Let's talk about (ethical) underwear
if the title didn't already make this obvious, today we're stripping down to the basics. i recommend reading my last post for context. (and don't miss the discount code at the end of this post!)
Like so many women I know (sadly), I've grown up with a whole complex with my body, and since high school I've tried to minimize my chest in particular. Mostly because I was self-conscious, to be honest, but also for the sake of physical comfort; if I don't strap the girls down, it legitimately hurts to do casual life things like, I dunno, walking down stairs.
But as I've gotten older and grown to have more body peace, I've started to look for bras and underwear that actually help me feel good about my body. But do you know how hard it is to find bras/underwear that 1.) actually support you, 2.) won't fall the frick apart in a few wears, and 3.) aren't made in sweatshops?
It's hard. Surprisingly hard. For whatever reason, underwear seems to be the neglected child of the ethical fashion world.
enter White Rabbit:
The founder of White Rabbit Mariana Hernandez launched this ethical intimates company to fill the gap in an industry dominated by a few [unethical] giants. Their whole philosophy is to empower women; they partner with a family-owned manufacturer that employs only women to create intimate apparel out of bamboo rayon (a natural material that they source sustainably). They pay fair wages with above-market benefits, operate with safe working conditions, and they donate a portion of their proceeds to Fabrica Social, a Mexico City-based social enterprise that provides business skills training to women in rural communities.
If you're not in love with them already, just wait until you hear how soft their bras are.
White Rabbit sent me a few samples to review, and guys. They're so soft.
deets: Minetta in 32D, Jane in Small, both in black
Full disclosure: I'm in love with the Minetta. It's unlined but the shape is great, and there's an underwire cup that gives me the support that most bralettes don't (PRAISE BE). The nearly-sheer details that match the Jane waistband are everything. And can we discuss the way the straps don't cut into my shoulders. If I didn't also feel supported it would feel like I was wearing nothing, which never, ever, ever happens with bras. I don't understand this witchcraft.
The Jane Bikini is equally as amazing—it's breathable, anti-microbial, and if you care about this, the seams don't show pantylines. I could wear these every single day for the rest of my life. But I won't because that'd be gross.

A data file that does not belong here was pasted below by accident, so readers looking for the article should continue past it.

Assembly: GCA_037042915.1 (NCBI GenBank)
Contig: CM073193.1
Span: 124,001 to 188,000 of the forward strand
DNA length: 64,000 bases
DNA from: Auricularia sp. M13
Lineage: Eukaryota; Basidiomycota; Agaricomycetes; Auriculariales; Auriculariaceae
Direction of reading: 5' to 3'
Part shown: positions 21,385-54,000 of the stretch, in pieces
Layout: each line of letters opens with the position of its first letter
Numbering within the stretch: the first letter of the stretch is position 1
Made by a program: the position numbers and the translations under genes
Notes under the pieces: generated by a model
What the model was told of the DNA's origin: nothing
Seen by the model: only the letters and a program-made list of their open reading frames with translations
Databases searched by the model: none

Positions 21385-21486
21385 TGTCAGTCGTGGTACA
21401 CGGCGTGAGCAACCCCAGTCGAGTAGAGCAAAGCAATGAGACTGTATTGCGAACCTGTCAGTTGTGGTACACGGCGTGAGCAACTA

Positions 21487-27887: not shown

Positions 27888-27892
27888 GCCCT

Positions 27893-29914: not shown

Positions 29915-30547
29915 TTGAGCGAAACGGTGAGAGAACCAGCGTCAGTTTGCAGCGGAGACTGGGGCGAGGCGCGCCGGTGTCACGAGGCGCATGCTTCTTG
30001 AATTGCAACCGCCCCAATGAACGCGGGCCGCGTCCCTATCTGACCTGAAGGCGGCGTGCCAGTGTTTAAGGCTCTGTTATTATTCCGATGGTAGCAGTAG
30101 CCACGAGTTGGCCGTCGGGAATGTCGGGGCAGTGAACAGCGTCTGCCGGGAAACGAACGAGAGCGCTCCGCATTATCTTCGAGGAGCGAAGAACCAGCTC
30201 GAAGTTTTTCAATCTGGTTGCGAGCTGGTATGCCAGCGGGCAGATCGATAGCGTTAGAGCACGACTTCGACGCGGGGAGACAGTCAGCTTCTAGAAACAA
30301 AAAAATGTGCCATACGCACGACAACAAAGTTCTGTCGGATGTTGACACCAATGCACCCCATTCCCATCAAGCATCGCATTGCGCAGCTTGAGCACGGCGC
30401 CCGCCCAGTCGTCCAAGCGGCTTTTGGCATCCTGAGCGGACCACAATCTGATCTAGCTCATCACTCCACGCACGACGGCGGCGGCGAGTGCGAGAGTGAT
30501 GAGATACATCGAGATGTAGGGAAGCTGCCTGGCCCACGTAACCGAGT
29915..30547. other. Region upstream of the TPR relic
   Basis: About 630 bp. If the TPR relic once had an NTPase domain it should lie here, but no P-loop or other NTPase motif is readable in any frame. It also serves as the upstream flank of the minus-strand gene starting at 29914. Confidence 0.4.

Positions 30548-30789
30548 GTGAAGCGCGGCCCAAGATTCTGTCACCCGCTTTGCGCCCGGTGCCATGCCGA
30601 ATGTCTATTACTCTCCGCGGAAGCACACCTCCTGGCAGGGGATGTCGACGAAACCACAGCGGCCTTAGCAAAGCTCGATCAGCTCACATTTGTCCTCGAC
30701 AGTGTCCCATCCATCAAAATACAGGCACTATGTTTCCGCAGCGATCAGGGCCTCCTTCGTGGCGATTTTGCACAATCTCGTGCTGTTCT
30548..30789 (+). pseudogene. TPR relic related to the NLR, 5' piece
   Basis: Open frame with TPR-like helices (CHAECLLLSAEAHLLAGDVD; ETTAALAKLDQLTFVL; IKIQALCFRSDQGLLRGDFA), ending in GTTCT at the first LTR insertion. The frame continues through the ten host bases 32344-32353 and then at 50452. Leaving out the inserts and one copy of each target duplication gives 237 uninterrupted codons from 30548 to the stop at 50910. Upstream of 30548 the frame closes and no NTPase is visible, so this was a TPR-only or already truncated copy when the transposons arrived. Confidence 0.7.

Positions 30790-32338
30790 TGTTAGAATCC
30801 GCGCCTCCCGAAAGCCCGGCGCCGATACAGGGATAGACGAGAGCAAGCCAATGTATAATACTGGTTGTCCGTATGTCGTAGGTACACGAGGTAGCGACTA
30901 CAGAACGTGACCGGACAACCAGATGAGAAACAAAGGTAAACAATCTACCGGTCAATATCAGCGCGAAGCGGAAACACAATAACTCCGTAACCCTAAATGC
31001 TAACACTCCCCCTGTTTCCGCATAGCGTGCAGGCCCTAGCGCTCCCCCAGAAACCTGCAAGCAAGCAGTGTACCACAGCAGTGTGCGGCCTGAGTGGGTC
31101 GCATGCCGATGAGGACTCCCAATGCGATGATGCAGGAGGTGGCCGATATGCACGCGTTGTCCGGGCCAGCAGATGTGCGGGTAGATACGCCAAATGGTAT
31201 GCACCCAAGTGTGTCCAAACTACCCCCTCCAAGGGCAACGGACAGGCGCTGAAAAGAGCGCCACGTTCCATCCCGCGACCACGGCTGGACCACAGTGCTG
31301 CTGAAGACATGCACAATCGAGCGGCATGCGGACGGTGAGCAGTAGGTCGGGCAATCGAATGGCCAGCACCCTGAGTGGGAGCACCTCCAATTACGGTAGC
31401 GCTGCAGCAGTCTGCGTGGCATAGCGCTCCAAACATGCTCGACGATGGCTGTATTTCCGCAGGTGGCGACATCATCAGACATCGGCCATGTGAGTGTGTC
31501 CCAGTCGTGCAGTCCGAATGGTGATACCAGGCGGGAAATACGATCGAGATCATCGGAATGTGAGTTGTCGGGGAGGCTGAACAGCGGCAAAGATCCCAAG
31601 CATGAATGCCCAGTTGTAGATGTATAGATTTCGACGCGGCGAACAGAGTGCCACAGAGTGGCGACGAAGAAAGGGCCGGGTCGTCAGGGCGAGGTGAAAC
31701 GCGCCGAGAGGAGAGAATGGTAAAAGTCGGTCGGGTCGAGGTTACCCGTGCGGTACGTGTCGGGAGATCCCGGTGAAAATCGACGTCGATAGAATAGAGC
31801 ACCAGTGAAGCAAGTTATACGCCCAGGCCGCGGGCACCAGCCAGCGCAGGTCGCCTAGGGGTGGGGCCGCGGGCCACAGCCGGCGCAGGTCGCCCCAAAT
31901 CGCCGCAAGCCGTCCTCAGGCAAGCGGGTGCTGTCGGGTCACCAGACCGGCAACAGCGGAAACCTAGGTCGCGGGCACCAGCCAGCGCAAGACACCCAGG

The only downside is the use of some synthetic materials in the waistband, specifically Polyester which is not biodegradable, but if recycled, can be produced with lower environmental emissions; on their website White Rabbit does say they work with "an eco-friendly knitter that is OEKE-Tex certified and follows ISO-9000 and ISO-14001 manufacturing practices (international safety, reliability, quality and most importantly, environmental standards for products and services)."
deets: Ann in medium, Prince in small, both in black
So the Ann Bralette actually feels like you're wearing nothing, and it's seriously The Most Comfy Thing to lounge around in. The 2.0 is a redesign of their older version, and whatever they did to it, it's working; every part of the Ann moves with your body, and if you like more coverage, it comes with removable liners (PRAISE BE x2).
The Prince Cheeky fits similarly to the Jane Bikini, but the lace is what really makes the design stand out. One of my least favorite things about lacy intimates is that the lace itself is usually either rough and irritating, or fragile and rips easily. But White Rabbit lace isn't itchy or stiff—it has a nice stretch and actually feels like it's going to hold up for long time. You can read more about their fabrics on their website here.
Something I look for in the places I shop nowadays is how the company treats women. Valuing women as whole people with agency is important to me; judging from White Rabbit's partnership with Fabrica Social, their body-positive marketing, and their empowerment of women from conception through production, I think it's important to White Rabbit as well. I'm in <3 with this ethical/sustainable company.